If you had received criticism of your musical abilities and had been described as the “worst player I’d ever heard”, perhaps you would have been prompted into a defence of your reputation and to set the record straight and to have your legacy supported on your own terms.
Maybe this was a driver for Paul when planning the McCartney 3 2 1 documentary following Quincey Jones assessment of his bass playing in February 2018. Certainly, Paul’s bass playing was a major focus for record producer Rick Rubin, even as much as his song writing, in this six part documentary released via Hulu/Disney+ this summer.
While six episodes of 30 minute analysis would seem ample opportunity to scratch below the surface of the McCartney catalogue and learn more about the inspiration and recording processes behind many McCartney and Beatles compositions, this proved not to be the case. Tracks analysed ranged from the predictable Yesterday to Check My Machine, though understandably weighted in favour of Beatles compositions, the greater interest was derived from some of his lesser known works including Waterfalls.
Were we presented with anything revelatory? No. Listening to Beatle/McCartney music, isolating various tracks from the sound board will always be fascinating, but the accompanying anecdotes for the large part were very familiar and left the question … who was the target audience for McCartney 3 2 1? I don’t believe it was me or my generation but rather future scholars. They will see a gushing Rubin present Paul with the following assessment of his bass playing “Paul is one of the most innovative bass players that ever played bass, and the stuff that’s going on now is ripped off from his Beatle period. He is a great, great musician” [John Lennon]. I for one would not disagree with that and I guess that is an endorsement that holds weight, particularly for Paul.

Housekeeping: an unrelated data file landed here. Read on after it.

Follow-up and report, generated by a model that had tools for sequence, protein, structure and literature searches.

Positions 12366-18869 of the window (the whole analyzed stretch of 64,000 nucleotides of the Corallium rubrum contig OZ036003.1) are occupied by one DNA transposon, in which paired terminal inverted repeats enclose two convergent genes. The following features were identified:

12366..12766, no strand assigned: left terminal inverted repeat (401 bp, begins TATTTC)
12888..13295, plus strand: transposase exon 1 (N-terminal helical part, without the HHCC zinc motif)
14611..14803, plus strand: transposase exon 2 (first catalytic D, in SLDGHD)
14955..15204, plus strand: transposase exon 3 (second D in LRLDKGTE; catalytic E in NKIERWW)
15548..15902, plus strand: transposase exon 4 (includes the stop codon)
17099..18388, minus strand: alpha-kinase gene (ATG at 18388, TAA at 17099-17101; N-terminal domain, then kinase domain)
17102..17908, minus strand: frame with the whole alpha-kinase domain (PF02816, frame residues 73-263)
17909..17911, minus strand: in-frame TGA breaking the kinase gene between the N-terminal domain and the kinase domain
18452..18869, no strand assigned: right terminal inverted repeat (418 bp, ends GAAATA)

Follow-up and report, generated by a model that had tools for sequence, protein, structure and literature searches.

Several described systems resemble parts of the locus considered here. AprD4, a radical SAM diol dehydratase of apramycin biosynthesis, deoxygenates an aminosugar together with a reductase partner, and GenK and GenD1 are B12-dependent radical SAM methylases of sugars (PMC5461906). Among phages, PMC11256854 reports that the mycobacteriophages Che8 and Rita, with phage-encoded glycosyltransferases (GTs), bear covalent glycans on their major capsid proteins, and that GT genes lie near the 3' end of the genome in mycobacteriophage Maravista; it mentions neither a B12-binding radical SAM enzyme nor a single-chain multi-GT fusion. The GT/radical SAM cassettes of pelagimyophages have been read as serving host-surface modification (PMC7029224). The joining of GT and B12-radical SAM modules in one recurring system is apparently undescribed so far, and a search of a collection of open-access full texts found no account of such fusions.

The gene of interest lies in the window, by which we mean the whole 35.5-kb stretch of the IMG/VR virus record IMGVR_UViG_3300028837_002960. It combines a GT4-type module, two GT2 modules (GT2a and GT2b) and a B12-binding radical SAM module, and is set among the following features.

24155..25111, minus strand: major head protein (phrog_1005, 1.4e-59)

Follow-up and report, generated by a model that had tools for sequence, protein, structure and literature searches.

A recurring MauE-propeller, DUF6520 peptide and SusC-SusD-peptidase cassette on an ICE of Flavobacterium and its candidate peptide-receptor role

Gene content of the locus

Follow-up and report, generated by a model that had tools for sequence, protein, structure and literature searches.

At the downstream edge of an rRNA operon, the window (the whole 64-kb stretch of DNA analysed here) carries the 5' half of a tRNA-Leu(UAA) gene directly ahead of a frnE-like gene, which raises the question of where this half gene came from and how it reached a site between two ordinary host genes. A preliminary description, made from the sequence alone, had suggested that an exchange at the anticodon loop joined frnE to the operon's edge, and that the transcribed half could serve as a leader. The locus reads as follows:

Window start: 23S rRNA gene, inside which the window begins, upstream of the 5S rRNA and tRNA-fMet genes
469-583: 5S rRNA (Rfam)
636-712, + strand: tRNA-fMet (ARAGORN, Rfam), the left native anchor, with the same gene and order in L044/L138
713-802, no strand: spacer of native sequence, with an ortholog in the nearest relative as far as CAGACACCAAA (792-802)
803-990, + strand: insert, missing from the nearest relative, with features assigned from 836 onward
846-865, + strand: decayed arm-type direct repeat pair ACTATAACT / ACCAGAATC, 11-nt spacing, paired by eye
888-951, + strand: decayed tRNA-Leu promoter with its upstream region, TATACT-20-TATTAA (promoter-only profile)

The legacy factor seems to permeate most releases from Paul these days, whether in the form of interviews, new musical releases referencing past times and more of the same will likely saturate the release of his book “The Lyrics: 1956 to the Present” due to be published in early November. For the record, I think his legacy as a songwriter and musician are secured for eternity. The ultimate self-assessment of his work will require a more knowledgeable inquisitor than Rick Rubin or Idris Elba who interviewed Paul earlier this year. I hope that day will come.
Like ordering my favourite Chinese take-away the prospect of McCartney 3 2 1 was more exciting than the delivered item. Satisfying initially, but on reflection the familiar flavours had nothing to surprise me and made me think that maybe I should have ordered something different. Chefs Rubin/McCartney served up the usual faire and while it filled a hole, it did leave me dehydrated and thirsty for more … but you know what? I’ll still go back again.